How does Slim treat George after Lennie's death, and why does he treat him this way?
Of Mice and Men by John Steinbeck
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After George has to kill Lennie, Slim treats him in a very compassionate way. He shows that he understands what George did and he knows why George had to do it.
To me, Slim does this because he is the only really decent character in the whole book (outside of Lennie and George). By contrast, Curley and Carlson do not get it. They do not have any sort of understanding of how George would feel. This shows that Slim is actually a good person. He tries to understand other people and he is not narrowly selfish and vicious the way the others are. If there were more people like Slim around, the Georges and Lennies of the world would not have such a rough time trying to achieve their dreams.
Slim is one of the good guys, and he clearly understands that this is a horrible thing George had to do. If he had ranted and raved and asked George a lot of questions, he'd have made George feel even worse. He may not have understood exactly how this must have felt, but he sure has more compassion than any of the others.
I tend to think Slim and George are rather alike, and if Slim had been in that position, he would have done the same thing. Thus we hear no accusations or recriminations or doubts. Slim knows that, despite it all, George loved Lennie and only did what he thought was best for him. In that case, what else can he do but show compassion.
With his "God-like eyes," Slim is kind and keenly perceptive:
His ear heard more than was said to him, and his slow speech had overtones, not of thought, but of understanding beyond thought.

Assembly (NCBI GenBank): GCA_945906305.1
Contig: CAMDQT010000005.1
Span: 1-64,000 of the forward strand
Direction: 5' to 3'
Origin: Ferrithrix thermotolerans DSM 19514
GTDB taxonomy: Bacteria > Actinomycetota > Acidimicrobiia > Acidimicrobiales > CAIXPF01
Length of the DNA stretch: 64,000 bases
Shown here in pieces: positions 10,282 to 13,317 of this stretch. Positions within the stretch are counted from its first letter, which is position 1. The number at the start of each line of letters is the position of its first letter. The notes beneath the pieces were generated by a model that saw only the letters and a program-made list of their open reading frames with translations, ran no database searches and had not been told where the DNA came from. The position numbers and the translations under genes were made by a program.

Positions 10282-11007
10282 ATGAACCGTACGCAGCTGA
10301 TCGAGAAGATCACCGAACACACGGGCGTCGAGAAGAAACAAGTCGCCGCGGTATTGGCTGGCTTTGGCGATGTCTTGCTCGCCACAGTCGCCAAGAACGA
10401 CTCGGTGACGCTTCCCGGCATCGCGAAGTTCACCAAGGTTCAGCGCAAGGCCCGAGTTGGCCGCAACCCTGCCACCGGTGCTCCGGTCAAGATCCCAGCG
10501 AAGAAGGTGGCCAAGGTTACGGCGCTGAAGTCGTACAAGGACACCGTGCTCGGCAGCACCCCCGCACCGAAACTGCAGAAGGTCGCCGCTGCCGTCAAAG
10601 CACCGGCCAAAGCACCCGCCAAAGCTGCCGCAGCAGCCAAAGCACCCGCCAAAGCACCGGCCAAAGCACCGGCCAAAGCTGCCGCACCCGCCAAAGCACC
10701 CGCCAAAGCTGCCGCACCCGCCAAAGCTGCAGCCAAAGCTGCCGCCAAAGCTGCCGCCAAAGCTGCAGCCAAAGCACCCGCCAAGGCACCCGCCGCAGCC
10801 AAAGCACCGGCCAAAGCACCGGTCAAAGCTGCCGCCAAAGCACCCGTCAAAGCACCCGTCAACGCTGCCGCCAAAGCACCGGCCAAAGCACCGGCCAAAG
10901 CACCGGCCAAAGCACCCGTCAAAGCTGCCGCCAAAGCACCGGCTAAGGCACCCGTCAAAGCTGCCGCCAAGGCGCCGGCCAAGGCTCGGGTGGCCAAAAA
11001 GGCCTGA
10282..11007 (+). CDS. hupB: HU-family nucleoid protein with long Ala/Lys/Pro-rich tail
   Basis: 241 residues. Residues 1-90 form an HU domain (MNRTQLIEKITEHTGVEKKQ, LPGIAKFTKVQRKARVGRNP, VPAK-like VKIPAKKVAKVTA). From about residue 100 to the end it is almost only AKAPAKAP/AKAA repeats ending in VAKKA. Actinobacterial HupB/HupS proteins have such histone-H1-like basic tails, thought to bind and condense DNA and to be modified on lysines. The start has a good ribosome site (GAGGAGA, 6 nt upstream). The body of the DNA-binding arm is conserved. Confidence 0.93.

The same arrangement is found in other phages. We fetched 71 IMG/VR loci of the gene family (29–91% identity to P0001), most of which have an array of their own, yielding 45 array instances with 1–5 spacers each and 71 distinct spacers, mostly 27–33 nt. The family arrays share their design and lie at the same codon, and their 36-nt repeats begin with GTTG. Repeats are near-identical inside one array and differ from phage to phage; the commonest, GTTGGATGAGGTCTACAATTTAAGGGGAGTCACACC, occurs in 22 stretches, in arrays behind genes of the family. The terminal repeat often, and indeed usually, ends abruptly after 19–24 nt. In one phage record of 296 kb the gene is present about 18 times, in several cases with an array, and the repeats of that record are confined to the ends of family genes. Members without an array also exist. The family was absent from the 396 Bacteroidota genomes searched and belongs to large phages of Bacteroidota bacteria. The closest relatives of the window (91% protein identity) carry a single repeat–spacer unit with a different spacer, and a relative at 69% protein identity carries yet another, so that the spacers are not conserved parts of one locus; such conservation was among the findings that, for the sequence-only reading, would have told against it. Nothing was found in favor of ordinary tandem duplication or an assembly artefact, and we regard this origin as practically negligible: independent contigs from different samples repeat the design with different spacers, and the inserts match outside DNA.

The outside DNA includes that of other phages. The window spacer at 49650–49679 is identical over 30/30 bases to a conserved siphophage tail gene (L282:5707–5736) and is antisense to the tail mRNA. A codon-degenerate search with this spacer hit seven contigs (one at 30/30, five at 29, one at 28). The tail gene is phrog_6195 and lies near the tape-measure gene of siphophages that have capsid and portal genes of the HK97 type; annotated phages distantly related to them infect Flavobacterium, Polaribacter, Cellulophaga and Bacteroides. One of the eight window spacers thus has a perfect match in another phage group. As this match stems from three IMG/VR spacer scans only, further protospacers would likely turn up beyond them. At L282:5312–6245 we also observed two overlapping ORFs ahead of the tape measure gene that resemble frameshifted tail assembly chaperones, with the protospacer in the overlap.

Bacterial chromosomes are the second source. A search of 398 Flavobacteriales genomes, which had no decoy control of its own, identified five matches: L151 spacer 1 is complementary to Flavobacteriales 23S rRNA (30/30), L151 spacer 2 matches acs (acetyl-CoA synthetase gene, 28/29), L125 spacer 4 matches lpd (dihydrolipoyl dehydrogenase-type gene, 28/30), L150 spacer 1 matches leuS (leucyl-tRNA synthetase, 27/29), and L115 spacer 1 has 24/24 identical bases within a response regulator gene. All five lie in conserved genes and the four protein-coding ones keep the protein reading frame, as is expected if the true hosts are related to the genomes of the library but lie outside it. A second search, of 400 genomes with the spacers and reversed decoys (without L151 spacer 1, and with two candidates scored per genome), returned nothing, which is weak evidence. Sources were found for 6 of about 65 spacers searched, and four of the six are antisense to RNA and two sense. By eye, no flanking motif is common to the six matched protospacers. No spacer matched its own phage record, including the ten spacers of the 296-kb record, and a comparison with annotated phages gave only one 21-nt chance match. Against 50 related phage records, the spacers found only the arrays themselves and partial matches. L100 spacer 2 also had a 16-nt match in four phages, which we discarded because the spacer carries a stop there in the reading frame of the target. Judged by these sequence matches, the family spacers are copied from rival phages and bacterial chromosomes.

Keeping in mind that it is always essential that any critical analysis of a character be made based upon the evidence of the text, it is, therefore, only fitting and in character--rather than any reader's opinion--that Slim should be the one to speak to George and to comfort him, thus conveying Steinbeck's sympathy with his character George.
Additional support for the appropriateness of Slim's arrival and words to George are also found in the passage in which Candy must allow his dog to be shot. When he looks to Slim "helplessly," he realizes that "Slim's opinion were law"; he looks
a long time at Slim to try to find some reversal. And Slim gave him none. At last Candy said softly and hopelessly, "Awright--take' im."
So, since Slim's words are also "law," the significance of his comforting George and saying, "You hadda, George. I swear you hadda" makes his judgment the final say so, "the law." Thus, the reader is made aware that the other men will make no judgments or remarks to the contrary and George will not be implicated in Lennie's death. This is the greatest kindness bestowed upon George by the man "with God-like eyes," a kindness that reinforces the interpretation of Lennie's death as a mercy killing.
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